Yeoman Interview – Yuki Ito

Multi-award winning Yeoman Yuki Ito first came to international prominence when he won 1st prize at the coveted International Johannes Brahms Competition and the prestigious Windsor Festival International String Competition at age 21, subsequently making his début with the Philharmonia Orchestra. He regularly performs at renowned venues and international music festivals, and has made several premières of works dedicated to him. Described by music journalists as “masterfully assured” (Strad) and possessing “notable maturity and taste” (American Record Guide), his 2013 début album Rachmaninov Complete Cello Works with Sofya Gulyak has achieved great acclaim in Europe, the US and Asia, and was chosen as “Recommended Disc” by Strad in the UK and Record Geijutsu in Japan. Yuki is also the founder and artistic director of the In Tune Orchestra (ITO).

What is your instrument?
I play the cello and sometimes appear on the podium too as conductor!

What was your music education?
I was first given a violin at age five, and my immediate instinct was to sit and play it. My father then gave me a cello the year after and that was the start of my career as a cellist. I then moved to London at 15 possessing absolutely no knowledge of the English language, and joined the Purcell School, where I was a boarder and learnt an enormous number of musically-related things and life skills. I went on to study at the Royal College of Music, where I am currently completing my Artist Diploma course.

What musicians have inspired you the most, and why?
The first significant and strong inspiration I had was Seiji Ozawa’s Dvorak Symphony No.9. Later on, I encountered David Geringas’ Bach Solo Cello Suites which, among my father’s huge CD collection, stood out as extraordinary to a 12-year-old boy.

When did you realise you wanted to be a professional cellist?
The very first time I felt right playing the cello was when I was seven and my beloved bird died. I had never willingly opened the cello case to practice before, but on that occasion I was more than certain that playing the cello was the best thing I could do for the bird… Eight years later, a few days before I left Japan to England I gave a recital for my classmates. It was the day when I became sure that it was something I must pursue, make a living from and continue doing professionally until the end of my life. I cannot express enough verbally how moved I was to see my best friends enjoying hearing me perform. I finally understood that music really is able to make one’s mind rich and fill it with joy and happiness.

What prizes (including Company prize) have you won?
The very first big prize I achieved was the overall winner’s prize of the Sapporo Junior Cello Competition in Japan soon after I turned 11. Since then I have won a number of international and national prizes, including the Antonio Janigro International Cello Competition in Croatia in 2006, Music Competition of Japan in 2008, Paris FLAME Music Competition in 2009, International Johannes Brahms Competition in Austria in 2010, Windsor Festival International String Competition in the UK in 2011 and the European Young Concert Artists Audition in Germany in 2012. Other than competition prizes, notable awards include Japanese Government Overseas Programme Award, Rohm Music Foundation Award, Pierre Fournier Educational Award and a Worshipful Company of Musicians Allcard Award.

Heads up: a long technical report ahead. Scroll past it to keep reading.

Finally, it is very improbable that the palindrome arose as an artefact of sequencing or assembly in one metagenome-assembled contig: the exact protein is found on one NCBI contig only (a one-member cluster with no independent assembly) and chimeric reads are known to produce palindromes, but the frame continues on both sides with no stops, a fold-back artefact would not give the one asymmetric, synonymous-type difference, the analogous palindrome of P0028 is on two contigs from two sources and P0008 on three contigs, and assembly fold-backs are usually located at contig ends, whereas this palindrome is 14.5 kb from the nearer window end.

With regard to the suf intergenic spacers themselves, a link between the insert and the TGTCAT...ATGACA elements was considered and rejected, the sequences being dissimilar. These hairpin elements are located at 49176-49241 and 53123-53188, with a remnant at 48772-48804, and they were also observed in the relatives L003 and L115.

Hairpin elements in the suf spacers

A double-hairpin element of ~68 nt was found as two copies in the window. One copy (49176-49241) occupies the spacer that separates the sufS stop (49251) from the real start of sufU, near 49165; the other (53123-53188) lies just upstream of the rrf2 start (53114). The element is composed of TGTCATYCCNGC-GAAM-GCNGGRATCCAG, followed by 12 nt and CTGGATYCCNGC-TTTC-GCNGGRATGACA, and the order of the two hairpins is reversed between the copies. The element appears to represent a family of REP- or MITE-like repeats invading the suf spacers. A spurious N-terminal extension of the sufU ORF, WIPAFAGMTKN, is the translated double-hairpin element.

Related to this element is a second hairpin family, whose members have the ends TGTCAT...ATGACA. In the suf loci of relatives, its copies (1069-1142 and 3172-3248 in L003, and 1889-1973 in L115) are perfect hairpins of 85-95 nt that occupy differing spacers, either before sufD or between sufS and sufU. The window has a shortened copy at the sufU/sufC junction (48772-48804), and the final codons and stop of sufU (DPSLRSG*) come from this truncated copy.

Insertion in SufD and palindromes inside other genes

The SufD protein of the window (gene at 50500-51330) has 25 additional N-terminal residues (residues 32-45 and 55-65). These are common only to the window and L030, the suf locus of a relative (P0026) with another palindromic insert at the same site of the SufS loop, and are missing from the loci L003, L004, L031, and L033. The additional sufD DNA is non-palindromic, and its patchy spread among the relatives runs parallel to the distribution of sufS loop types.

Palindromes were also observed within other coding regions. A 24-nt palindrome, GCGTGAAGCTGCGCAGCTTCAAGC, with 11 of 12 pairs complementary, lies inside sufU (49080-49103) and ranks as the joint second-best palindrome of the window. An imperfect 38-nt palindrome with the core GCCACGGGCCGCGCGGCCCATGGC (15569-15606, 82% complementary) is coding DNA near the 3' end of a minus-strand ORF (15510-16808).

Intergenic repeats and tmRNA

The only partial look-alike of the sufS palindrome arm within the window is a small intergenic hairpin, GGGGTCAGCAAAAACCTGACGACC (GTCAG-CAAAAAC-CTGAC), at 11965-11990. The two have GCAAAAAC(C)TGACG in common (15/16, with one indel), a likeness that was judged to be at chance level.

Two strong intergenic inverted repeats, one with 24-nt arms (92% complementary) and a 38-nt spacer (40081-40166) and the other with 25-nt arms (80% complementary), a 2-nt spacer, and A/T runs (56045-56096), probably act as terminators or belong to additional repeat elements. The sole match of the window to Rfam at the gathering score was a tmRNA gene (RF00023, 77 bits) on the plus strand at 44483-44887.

How has being a Company prizewinner helped you?
The scholarship that the WCOM kindly gave me has been an essential support. Always being given opportunities to perform is more helpful and useful than anything for musicians.

What is your biggest musical achievement so far?
Some of the most memorable achievements are my 2011 début with the Philharmonia Orchestra at Royal Windsor Castle and the release of my début album of “Rachmaninov Complete Cello Works” I recorded soon after. Making critically acclaimed solo recitals at Royal Festival Hall and Tokyo Bunka Kaikan is also a must-mention. It was also wonderful to discover that I am listed in “The Greatest Cello Players of All Time: Top 100” book released by Amazon in 2013.

Tell us about the In Tune Orchestra (ITO) you founded.
The orchestra (whose acronym is the same as my surname) aspires to entertain the audience and intimately connect them with the musicians. This is achieved through performances of the highest calibre delivered by impassioned young professionals and star students from London’s major conservatoires, and careful selection of the programme. The ITO inspires every generation of classical music lovers.

Do you have any advice for new Yeomen?
Endeavour to do your best and always strive for higher goals. Be ambitious!

How can people find out more about you?
It would be wonderful if you could visit my website: www.yukiitocello.com